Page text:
- Avalon is like Medieval Iceland, being founded by human dissidents who wanted to get away from government and Ythrians who always had a low government level anyway. Ythrian laws are rather like Iceland; Humans have a more conventional Republic. Also Avalonians have a poetic culture though it has a different flavor then that of the saga writers.
- Fate Worse than Death: For a Ythrian to be injured in it's wings is this. Ythrians only do this deliberately to slaves and criminals.
- Feudal Future: The Terran Empire is more recognisable as using this trope, but the late Polesotechnic league is more literally feudal.
- Many planets and races are feudalistic or tribalistic or some combination thereof.
- Floating Water: Justified in one of the Flandry novels, with an artificial zero-g environment.
- Founder of the Kingdom: David Falkayn retires from his life as an Intrepid Merchant to lead the Ythrian-Human colony of Avalon.
- Friendly Enemy: Sort of. The Terran Empire never had a grudge against Ythrians as such and many Terran officers admired them. Ythrians and Avalonian Humans resented Terran aggression but even so the war was civilized as wars go, and the memory didn't leave as much bad blood as might have been.
- Framing Device: The whole history is the common variation of this trope in Space Opera and High Fantasy whereby the history of a fictional civilization is used as the Framing Device. The Earthbook of Stormgate can also be thought of as the conventional "story about someone telling a story" version.
- Good Versus Good: More light grey(Terran Empire)versus lighter grey(Avalon). Ythrians from Avalon emphasize that the main reason for their stubborness was not an evil intention but a right of Terran citizens that would have hurt them. In principle, being Libertarians IN SPACE! they are indifferent to government that leaves them alone. However the Terrans demand that any citizen live where they want. And the Avalonians insist that this would mean they would be flooded with migrants they have no way to control and who would wreck their way of life. They continue to fight because both have an uncompromisable principle.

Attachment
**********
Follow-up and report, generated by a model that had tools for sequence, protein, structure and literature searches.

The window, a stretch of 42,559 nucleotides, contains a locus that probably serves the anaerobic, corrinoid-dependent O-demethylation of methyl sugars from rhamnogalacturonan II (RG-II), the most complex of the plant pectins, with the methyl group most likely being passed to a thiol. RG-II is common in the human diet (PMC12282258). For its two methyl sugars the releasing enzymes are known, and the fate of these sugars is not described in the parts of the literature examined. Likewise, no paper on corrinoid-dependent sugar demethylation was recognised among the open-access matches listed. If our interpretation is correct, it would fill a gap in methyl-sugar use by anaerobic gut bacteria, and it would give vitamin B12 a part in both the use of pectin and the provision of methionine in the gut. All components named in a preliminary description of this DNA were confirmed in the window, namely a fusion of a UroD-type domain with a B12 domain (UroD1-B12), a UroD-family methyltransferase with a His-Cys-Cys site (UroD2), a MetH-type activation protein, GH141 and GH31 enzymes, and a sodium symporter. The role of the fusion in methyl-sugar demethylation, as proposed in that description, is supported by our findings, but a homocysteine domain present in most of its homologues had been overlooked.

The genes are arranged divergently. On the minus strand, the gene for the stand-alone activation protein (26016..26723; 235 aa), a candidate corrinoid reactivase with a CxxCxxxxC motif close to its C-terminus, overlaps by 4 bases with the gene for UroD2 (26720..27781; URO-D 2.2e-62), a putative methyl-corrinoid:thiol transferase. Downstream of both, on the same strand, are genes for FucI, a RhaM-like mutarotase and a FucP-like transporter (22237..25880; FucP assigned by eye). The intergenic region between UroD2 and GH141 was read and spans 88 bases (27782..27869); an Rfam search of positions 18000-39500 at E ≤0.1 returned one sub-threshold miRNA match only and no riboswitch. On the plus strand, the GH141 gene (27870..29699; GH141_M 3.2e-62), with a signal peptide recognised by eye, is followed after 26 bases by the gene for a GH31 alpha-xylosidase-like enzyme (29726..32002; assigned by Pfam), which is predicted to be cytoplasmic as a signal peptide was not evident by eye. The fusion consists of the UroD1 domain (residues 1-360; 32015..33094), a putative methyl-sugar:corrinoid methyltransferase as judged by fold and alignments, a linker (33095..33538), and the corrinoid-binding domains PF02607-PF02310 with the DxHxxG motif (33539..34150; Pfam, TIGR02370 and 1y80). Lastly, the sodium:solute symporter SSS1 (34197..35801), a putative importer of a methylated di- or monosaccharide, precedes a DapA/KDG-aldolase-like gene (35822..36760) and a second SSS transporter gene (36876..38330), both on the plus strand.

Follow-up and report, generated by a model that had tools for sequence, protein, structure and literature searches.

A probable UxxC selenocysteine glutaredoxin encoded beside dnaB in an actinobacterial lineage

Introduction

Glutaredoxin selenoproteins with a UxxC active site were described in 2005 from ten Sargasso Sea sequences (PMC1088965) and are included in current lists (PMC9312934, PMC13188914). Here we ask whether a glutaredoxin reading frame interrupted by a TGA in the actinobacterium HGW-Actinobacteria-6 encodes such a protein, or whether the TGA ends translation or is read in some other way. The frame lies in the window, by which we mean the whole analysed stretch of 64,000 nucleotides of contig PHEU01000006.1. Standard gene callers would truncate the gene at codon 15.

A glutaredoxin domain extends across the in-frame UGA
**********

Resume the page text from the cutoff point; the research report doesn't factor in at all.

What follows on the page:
- Going Native: The Human writer and poet Christopher Holm in People of the Wind. A number of humans and Ythrians on Avalon have gone native with each other.
- Good Is Not Nice: Nicholas van Rijn from the Polesotechnic League novels is a greedy, sloppy, cynical, womanizing corporate executive. He also constantly saves his employees from death and disaster, often with an elaborate Batman Gambit that involves using evolutionary psychology to psychoanalyze whatever alien race is giving their interstellar trading company trouble. He is also merciful towards his enemies and tries to create win-win situations for them.
- Flandry is a charming Cultured Warrior, and in his own way an idealist. He is also an unscrupulous spy.
- Both the Terran Empire and the Polesotechnic League have large traits of this in general.
- Gray and Gray Morality: While most sympathy is on the Ythrians in the Terran-Ythrian war, the Ythrians and Terrans had engaged in violent territorial clashes before the war, some of which was the Ythrians fault. Mostly light grey versus light grey as both the Terrans and the Ythrians are presented as civilized and reasonably decent polities.
- In general most struggles have both virtues and flaws on both sides.
- Guile Hero: Nicolas van Rijn, very much. Large and fat—though strong and fast—he takes great joy in outthinking and outwitting his enemies.
- Had To Be Sharp: Several cultures are described as this, notably the ones that managed to survive between the downfall of the Polesotechnic League and the rise of the Terran Empire. It is also hinted once or twice that any race that has managed to get into space, has to be pretty sharp.
- Honor Before Reason: Ythrians call this "Deathpride". When they say something is a matter for this, you know they consider it Serious Business.
- Humans Are Warriors: "That race still bears the chromosomes of conquerors. There are still brave men in the Empire, devoted men, shrewd men ... with the experience of a history longer than ours to guide them. If they see doom before them, they'll fight like demons."
- The general Merseian attitude seems to be that while they may despise the Terran Empire as senile they regard humans as a species for as a fellow Proud Warrior Race.